Which is it, cyclists: loops or buttons?

A commenter the other day questioned our city traffic engineer’s assertion that: “My sense is that cyclists very much prefer the passive loops, and that’s why they became our standard for new construction.”

In case you missed that earlier post, a passive loop is a wire set into the pavement of the bike lane (the diamond-shaped cuts under the cyclist that you can see here) …

The loop is supposed to sense a bicycle in the lane waiting for a red light and sets the light up to change to green. That is opposed to the post with the push button (which you can see on the cyclist’s right), which is supposed to basically do the same thing, assuming you push the button, of course.

Our commenter, Gayle, went on to say: “I wonder if Larsen (the traffic engineer) actually polled any cyclists? I very much prefer not to unclip when I have to stop at an intersection, so I personally like a post better.”

So we put it to you: All things being equal, which do you prefer? Poll is in the sidebar. We’ll leave it there for a while.


OK, poll is not in the sidebar anymore. Voting has closed. Here are the results:

  1. Passive inductive loop in the bike lane: 46.55 percent
  2. I like to have something to help a cyclist change the light, but I don’t care which: 31.01 percent
  3. Push button on a post: 20.69 percent
  4. Nothing. Don’t bother with this type of infrastructure: 1.72 percent

So there you have it. The loops win.

10 thoughts on “Which is it, cyclists: loops or buttons?

  1. The poles set you in a bad position in the roadway- off to the side where you are less visible and less predictable. They put you in a prime spot for a right-hook from a motorist. Cyclists should stay out in the middle of the bike lane where they are visible and clearly showing intent to travel straight through the intersection. If Oregon didn’t have a ‘mandatory bike lane’ law I would even say they should be out of the bike lane in the middle of the lane- allowing right turns to the right of them and increasing visibility even more. Since we do have that law and a solid stripe all the way to the intersection we should definitely not be ‘hiding’ among the sidewalk furniture over on the edge of the roadway looking like we might be stopped for a break, turning right, or panhandling.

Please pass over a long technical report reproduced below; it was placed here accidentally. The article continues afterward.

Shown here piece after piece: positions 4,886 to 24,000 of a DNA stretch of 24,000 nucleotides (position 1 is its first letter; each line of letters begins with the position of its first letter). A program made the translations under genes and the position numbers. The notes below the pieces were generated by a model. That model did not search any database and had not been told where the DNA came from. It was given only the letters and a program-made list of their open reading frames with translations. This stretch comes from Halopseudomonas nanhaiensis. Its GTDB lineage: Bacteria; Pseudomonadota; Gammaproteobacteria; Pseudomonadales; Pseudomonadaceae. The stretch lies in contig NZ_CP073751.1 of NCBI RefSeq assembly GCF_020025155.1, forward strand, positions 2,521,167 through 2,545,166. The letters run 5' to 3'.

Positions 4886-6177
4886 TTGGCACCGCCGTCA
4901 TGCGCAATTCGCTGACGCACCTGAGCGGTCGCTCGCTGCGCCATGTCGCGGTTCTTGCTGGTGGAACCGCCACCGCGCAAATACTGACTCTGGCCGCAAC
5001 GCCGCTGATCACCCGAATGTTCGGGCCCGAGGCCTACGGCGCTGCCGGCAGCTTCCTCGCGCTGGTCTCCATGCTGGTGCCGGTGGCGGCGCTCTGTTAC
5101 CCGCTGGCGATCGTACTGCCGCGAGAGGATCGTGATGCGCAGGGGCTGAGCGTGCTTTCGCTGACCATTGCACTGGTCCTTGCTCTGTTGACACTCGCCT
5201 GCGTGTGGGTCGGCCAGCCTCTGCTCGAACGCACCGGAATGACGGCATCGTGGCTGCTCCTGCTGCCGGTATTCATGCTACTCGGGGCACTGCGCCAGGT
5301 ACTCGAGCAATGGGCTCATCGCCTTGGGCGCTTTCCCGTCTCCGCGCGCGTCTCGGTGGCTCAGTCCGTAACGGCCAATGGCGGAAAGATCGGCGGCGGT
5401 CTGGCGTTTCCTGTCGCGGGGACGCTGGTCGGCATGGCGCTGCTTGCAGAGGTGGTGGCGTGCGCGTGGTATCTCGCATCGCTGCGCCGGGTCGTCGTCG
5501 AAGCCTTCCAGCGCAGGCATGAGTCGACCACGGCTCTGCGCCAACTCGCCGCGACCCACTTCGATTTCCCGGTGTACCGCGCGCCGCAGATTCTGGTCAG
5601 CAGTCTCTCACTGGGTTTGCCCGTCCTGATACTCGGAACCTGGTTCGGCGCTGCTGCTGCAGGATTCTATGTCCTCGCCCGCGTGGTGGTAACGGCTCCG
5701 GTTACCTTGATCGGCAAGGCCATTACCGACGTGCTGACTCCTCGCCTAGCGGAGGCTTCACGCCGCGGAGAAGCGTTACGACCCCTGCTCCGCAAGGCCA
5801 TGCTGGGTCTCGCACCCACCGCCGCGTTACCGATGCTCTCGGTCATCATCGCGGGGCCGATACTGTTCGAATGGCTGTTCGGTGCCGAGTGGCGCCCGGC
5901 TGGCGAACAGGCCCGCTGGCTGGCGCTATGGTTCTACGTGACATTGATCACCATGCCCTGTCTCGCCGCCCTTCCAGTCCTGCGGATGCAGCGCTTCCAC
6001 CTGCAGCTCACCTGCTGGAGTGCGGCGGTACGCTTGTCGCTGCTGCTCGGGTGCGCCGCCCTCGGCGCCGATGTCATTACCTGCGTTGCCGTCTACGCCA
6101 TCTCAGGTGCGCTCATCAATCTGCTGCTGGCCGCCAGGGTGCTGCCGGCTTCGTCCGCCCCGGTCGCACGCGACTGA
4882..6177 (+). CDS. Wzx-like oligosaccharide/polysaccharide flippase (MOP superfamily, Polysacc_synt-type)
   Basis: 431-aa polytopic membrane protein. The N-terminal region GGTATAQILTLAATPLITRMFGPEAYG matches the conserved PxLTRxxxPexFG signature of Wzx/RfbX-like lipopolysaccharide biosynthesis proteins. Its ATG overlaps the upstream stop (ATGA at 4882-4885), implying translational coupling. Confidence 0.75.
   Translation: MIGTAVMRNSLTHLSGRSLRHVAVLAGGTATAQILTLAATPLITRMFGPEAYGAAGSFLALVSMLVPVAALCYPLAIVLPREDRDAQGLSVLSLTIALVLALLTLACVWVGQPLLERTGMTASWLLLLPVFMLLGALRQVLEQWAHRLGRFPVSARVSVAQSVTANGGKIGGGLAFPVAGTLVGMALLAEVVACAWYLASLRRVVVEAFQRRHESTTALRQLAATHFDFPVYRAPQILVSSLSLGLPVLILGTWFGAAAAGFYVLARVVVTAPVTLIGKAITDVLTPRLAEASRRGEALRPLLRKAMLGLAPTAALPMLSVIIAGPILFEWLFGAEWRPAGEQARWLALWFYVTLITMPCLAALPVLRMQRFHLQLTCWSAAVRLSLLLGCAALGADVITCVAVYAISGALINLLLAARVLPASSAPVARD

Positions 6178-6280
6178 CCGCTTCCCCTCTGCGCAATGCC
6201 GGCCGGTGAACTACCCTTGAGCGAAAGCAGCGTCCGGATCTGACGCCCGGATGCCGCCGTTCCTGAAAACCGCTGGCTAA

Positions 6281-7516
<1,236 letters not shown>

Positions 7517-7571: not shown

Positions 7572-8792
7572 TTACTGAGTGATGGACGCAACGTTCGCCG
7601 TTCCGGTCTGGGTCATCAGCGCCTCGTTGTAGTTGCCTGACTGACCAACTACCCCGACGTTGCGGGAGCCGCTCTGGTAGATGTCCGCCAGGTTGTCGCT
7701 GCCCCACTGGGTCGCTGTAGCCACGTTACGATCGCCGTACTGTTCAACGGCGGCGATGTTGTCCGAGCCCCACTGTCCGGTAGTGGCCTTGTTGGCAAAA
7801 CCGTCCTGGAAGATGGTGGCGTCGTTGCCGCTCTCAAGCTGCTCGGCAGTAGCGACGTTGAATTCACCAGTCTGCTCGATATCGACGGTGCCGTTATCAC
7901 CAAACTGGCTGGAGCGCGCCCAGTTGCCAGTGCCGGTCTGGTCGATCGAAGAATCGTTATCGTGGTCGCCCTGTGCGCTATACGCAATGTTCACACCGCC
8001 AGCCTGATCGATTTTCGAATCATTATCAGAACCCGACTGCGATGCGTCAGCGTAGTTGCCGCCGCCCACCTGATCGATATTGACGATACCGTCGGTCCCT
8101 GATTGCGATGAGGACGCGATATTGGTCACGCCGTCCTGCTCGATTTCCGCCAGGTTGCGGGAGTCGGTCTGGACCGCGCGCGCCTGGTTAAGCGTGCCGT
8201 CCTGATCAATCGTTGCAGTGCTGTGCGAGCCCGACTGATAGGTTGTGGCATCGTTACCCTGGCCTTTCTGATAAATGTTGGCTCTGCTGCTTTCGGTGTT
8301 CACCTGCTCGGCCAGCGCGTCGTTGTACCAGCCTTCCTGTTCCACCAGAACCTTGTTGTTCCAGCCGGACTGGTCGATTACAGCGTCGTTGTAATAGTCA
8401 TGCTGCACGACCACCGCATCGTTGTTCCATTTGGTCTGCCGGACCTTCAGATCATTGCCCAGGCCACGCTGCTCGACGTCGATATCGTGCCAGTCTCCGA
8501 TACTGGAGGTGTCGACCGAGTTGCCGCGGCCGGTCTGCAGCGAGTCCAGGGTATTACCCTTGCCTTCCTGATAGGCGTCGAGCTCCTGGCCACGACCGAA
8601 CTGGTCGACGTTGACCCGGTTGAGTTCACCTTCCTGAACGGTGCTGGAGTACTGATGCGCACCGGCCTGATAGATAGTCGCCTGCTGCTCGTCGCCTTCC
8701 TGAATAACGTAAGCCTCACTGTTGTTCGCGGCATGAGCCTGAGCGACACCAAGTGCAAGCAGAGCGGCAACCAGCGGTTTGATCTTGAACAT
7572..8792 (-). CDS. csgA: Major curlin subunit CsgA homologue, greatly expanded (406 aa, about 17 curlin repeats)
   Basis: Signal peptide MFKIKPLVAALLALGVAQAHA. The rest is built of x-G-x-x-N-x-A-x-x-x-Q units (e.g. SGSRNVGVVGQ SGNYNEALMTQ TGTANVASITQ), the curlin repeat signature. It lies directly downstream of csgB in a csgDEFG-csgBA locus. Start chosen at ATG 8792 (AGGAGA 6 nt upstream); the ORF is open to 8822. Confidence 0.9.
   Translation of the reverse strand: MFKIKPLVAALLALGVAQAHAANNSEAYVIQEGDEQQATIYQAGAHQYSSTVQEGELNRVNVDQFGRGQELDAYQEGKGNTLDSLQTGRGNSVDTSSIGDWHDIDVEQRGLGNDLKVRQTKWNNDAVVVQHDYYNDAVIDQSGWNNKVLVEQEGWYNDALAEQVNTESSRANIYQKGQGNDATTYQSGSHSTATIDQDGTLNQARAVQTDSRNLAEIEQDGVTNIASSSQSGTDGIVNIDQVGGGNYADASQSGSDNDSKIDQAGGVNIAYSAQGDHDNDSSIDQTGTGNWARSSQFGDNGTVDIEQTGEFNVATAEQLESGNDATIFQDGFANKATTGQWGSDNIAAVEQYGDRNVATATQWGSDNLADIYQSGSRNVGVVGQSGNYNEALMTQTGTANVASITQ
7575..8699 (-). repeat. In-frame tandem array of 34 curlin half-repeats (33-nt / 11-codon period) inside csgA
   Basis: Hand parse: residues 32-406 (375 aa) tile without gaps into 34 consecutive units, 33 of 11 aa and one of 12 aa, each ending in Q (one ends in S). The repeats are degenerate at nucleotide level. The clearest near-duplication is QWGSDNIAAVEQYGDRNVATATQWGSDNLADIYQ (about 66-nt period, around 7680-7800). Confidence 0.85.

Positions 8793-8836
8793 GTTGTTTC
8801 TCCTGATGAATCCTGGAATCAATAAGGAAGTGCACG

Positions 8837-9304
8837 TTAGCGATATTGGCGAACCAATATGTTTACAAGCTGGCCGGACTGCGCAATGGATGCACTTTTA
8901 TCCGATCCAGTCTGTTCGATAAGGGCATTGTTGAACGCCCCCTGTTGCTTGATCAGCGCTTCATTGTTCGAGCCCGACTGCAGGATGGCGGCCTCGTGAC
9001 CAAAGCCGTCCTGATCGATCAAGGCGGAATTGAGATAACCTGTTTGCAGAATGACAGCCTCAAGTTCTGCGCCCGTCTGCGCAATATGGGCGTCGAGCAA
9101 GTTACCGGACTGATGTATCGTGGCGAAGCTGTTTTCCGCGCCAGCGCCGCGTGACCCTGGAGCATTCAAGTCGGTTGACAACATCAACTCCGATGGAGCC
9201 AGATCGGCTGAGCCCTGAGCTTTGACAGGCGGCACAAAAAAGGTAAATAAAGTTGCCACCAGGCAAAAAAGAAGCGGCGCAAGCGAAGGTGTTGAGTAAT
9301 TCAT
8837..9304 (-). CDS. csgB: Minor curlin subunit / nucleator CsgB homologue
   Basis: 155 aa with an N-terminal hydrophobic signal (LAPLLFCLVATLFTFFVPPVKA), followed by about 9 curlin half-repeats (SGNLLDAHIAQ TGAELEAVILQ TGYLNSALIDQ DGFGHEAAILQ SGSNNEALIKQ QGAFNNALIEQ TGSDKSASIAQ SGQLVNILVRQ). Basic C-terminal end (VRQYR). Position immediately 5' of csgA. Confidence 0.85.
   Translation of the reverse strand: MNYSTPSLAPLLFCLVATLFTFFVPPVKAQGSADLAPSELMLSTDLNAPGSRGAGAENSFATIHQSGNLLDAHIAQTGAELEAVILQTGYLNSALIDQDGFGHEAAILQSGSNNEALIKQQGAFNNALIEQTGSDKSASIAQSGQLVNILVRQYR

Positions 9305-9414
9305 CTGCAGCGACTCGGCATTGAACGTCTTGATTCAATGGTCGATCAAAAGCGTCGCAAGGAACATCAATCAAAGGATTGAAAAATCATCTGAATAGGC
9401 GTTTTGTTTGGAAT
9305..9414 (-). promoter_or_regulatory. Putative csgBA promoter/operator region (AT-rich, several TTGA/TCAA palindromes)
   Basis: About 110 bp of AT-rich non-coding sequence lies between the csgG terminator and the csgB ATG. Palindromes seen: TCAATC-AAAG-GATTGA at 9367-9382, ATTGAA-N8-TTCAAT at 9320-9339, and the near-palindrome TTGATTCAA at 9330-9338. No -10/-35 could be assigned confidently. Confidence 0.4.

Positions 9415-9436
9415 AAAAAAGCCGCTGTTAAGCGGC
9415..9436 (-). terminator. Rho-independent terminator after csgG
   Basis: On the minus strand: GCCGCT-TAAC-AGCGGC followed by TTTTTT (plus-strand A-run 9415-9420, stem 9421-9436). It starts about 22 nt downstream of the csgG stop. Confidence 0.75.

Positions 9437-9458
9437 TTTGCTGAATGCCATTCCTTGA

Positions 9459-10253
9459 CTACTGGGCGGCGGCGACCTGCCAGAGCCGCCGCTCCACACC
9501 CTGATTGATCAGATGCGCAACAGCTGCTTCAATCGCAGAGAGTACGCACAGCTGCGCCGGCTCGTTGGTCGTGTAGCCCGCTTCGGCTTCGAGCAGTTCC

A classic horrible spot where the pole sets you up in the WORST possible location is on Pearl and 19th. The pole is on the left hand side of the road, you’re turning left with motorists to your right. When you turn left you want to be on the right side of the road (in the bike lane) and most likely are headed for the Amazon Path. That intersection needs to be redone so the bike lane (and inductive loop) is in the MIDDLE of the left turning car lane and straight/right turning car lane. That set’s you up to be in the bike lane rather than crossing paths with the left turning motorist.
    PS- cyclists- Stop for pedestrians in that crosswalk (and ALL crosswalks)!

  2. “When you turn left you want to be on the right side of the road (in the bike lane) and most likely are headed for the Amazon Path.”

    I don’t know the intersection in question and I’m not following this. The law allows you to just take the motor vehicle lane if you’re making a left hand turn, correct? If the loop doesn’t trigger the lights after a full cycle, I believe you’re also allowed by law to proceed though the intersection with caution.

  3. Not to be rude, but buttons are stupid. They don’t know if you’re still in the intersection or if you’ve cleared it, and they can’t sense another cyclist coming behind you. Not to mention that if the first person in the lineup doesn’t hit one, you never get a signal.